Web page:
Want to save money on diapers? You could clip coupons. Or you could try "Elimination Communication." In a nutshell, it's having a close enough connection with your baby that you can read the signs she gives off when she's ready to, er, eliminate something. Then you take her to the nearest toilet and let her go. Wave buh-bye to those toddler toilet training battles -- because you can get started with this as early as right after birth!
In their new book, The Other Baby Book, moms Megan McGorory Massaro and Miriam J. Katz gently walk you through this practice. And they would know how -- they both got it to work for their babies.
I think it's a brilliant idea -- after all, this is how it's done in other countries all over the world. It spares your baby from diaper rashes and saves the planet from countless soiled diapers. Even better, it's one more attachment practice that can help parents learn to be more present and connected with their children.
Of course, I can think of a number of other reasons why this wouldn't work for many families. It depends on at least one parent devoting full-time care to their baby -- and getting enough support at home that they have few distractions when baby is awake. (I mean, good luck getting the daycare to go along with this if you head back to work after maternity leave.) Not every new parent is "wired" to handle this level of intense intimacy with their babies, either.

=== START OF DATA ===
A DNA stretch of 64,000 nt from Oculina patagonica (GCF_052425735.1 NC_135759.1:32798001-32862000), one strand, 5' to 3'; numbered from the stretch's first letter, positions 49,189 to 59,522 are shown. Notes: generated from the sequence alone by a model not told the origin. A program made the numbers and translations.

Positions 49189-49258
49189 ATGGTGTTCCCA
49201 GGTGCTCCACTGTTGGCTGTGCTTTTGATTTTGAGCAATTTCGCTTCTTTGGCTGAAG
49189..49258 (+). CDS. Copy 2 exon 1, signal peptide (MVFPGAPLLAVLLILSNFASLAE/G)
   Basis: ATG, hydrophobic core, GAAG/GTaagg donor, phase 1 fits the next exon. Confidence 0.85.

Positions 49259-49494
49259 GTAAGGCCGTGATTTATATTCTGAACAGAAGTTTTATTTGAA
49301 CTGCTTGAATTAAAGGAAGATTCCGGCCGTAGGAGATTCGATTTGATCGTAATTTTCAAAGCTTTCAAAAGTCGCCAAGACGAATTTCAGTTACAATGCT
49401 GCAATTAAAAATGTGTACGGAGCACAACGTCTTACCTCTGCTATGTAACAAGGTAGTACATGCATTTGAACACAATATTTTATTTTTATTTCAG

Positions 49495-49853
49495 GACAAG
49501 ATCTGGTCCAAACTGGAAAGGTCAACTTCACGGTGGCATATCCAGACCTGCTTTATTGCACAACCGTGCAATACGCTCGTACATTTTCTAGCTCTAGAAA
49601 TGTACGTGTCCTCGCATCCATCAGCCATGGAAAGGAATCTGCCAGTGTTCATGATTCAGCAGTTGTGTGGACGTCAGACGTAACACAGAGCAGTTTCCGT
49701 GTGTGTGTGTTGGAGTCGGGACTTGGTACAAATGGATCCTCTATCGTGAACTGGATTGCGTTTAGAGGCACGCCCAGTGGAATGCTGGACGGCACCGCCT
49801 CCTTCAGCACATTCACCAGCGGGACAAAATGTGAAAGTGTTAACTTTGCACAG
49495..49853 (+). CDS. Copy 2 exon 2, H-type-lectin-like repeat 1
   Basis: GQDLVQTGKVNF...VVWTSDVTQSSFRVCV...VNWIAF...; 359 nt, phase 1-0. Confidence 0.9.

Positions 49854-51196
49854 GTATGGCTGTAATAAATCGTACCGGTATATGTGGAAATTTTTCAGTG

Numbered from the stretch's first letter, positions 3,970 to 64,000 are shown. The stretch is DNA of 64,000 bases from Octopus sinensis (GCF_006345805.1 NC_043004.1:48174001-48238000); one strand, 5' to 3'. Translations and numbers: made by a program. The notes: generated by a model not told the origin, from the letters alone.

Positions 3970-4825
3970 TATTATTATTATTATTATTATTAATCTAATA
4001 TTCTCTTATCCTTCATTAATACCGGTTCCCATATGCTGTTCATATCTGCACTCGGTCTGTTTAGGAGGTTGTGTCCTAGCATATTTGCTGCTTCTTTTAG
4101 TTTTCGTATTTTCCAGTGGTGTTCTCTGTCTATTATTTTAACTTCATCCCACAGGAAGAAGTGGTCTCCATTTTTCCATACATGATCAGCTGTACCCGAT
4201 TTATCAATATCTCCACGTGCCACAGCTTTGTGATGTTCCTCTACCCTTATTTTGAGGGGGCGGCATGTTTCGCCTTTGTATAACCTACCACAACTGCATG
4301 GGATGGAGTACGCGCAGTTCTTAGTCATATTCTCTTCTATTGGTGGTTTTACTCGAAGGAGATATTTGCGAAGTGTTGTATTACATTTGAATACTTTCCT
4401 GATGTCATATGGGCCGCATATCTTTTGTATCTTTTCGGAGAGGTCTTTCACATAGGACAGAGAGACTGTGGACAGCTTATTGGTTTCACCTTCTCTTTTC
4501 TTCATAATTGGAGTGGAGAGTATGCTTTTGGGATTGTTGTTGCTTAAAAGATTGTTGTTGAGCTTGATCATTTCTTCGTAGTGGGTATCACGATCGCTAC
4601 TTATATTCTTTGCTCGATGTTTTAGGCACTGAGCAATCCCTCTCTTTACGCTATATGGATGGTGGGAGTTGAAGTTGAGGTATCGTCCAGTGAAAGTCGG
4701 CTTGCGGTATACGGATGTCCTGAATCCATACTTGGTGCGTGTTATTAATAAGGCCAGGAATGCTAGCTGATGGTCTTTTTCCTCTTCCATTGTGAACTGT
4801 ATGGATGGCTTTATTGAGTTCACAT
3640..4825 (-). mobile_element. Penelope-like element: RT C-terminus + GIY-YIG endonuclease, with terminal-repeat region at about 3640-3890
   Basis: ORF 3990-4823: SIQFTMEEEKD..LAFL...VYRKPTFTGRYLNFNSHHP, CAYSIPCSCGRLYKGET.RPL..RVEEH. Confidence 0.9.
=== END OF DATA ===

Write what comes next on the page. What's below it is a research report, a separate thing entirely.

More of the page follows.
But the Other Baby Book is meant to be more of a tool box for new parents to pick and choose whatever is helpful -- the authors aren't trying to convince anyone that they HAVE to go with E.C. or any of the other alternative infant care practices.
And if you're dying of curiosity to see how this works, Megan and Miriam have spelled out the whole process with tips and other resources. I'm long past that stage myself, but I have to admit, I'm a little fascinated by the idea.
Have you tried E.C., or are you thinking about trying it?
Image via The Other Baby Book
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